BASKING IN THE GLORY
(after each win, three things that might have been the difference)
A BIG PLAY – Seattle starting pitcher James Paxton, a B.C. native who was a first round pick of the Blue Jays in 2009 but refused to sign, has been ablaze so far this season for the Mariners. He entered tonight’s game with a 1.69 ERA over 48 innings and had allowed just one home run this entire season. I’ll give you three guesses which Jays player looked at those statistics and then spit all over them in the first inning. Having worked the count to 2-0 with Kevin Pillar on second and none out, rather than gearing up to try to pull the ball 500 feet, Josh Donaldson stayed with an outside fastball and drove it out over the right field wall to give Toronto a 2-0 lead before Paxton had even retired a batter. To quote Schwarzenegger in Predator, “if it bleeds, we can kill it”. It was an important, authoritative blow landed early in the game and it allowed J.A. Happ to pitch aggressively and with a lead, a nice bonus for a guy who’s still finding his way back.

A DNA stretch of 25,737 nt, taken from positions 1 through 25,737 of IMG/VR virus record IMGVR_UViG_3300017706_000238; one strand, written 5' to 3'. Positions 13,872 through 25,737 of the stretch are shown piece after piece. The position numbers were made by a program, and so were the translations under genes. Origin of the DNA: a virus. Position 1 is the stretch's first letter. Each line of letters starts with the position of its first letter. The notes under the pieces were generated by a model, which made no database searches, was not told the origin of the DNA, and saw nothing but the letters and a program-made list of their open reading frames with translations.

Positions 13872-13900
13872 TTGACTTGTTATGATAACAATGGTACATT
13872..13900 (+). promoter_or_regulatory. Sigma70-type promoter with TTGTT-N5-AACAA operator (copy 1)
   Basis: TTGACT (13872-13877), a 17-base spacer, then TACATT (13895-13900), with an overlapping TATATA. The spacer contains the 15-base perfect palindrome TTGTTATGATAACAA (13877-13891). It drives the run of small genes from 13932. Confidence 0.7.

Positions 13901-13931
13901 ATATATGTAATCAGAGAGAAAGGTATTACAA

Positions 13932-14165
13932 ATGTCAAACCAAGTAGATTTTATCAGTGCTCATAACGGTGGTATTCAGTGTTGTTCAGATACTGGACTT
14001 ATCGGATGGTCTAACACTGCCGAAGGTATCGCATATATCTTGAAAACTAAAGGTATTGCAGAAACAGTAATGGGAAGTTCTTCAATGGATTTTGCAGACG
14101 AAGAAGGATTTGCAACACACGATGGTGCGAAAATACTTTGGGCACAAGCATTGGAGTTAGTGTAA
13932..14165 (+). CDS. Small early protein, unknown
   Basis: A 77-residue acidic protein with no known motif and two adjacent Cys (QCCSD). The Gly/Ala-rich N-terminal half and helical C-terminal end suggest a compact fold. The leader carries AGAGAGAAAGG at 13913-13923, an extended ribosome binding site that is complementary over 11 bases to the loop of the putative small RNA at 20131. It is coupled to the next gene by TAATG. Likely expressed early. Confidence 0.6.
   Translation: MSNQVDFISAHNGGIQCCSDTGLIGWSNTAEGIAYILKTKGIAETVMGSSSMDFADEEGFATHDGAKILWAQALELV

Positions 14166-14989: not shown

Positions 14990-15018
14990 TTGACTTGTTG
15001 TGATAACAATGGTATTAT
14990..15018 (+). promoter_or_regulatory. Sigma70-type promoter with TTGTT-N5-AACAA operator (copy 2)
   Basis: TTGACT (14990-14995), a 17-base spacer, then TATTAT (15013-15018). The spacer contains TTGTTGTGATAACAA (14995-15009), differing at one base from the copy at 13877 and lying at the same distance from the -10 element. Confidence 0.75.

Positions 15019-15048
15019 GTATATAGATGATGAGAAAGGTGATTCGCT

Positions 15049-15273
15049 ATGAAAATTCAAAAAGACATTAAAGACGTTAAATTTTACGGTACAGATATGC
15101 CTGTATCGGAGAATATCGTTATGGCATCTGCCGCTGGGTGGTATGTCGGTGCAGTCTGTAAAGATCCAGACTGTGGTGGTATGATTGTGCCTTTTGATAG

A BIG MOMENT – After getting out to the 2-0 lead, the Jays had bases loaded and one out in the second inning with their #3 and #4 hitters due up. Jose Bautista then struck out and Kendrys Morales grounded out harmlessly, leaving a sinking feeling that the Jays were going to finish the game with just the two runs and let Paxton dominate for the next seven innings (I even tweeted that exact idea, proving that I am, in fact, the King of Public Cold Takes. If I had just kept that idea to myself, it would have happened. Because I put it on social media, it became incorrect almost immediately). Yes, that’s right, despite yet again failing with runners in scoring position again in the 2nd, Toronto managed not one but (count ’em) two run-scoring singles in the 4th (one by Donaldson, one by Morales), doubling their lead and forcing Paxton out of the game after that inning after throwing just under 100 pitches. Add-on runs are important on the road and rare for this team, so doubling their early lead before things had a chance to get tight was a nice psychological edge.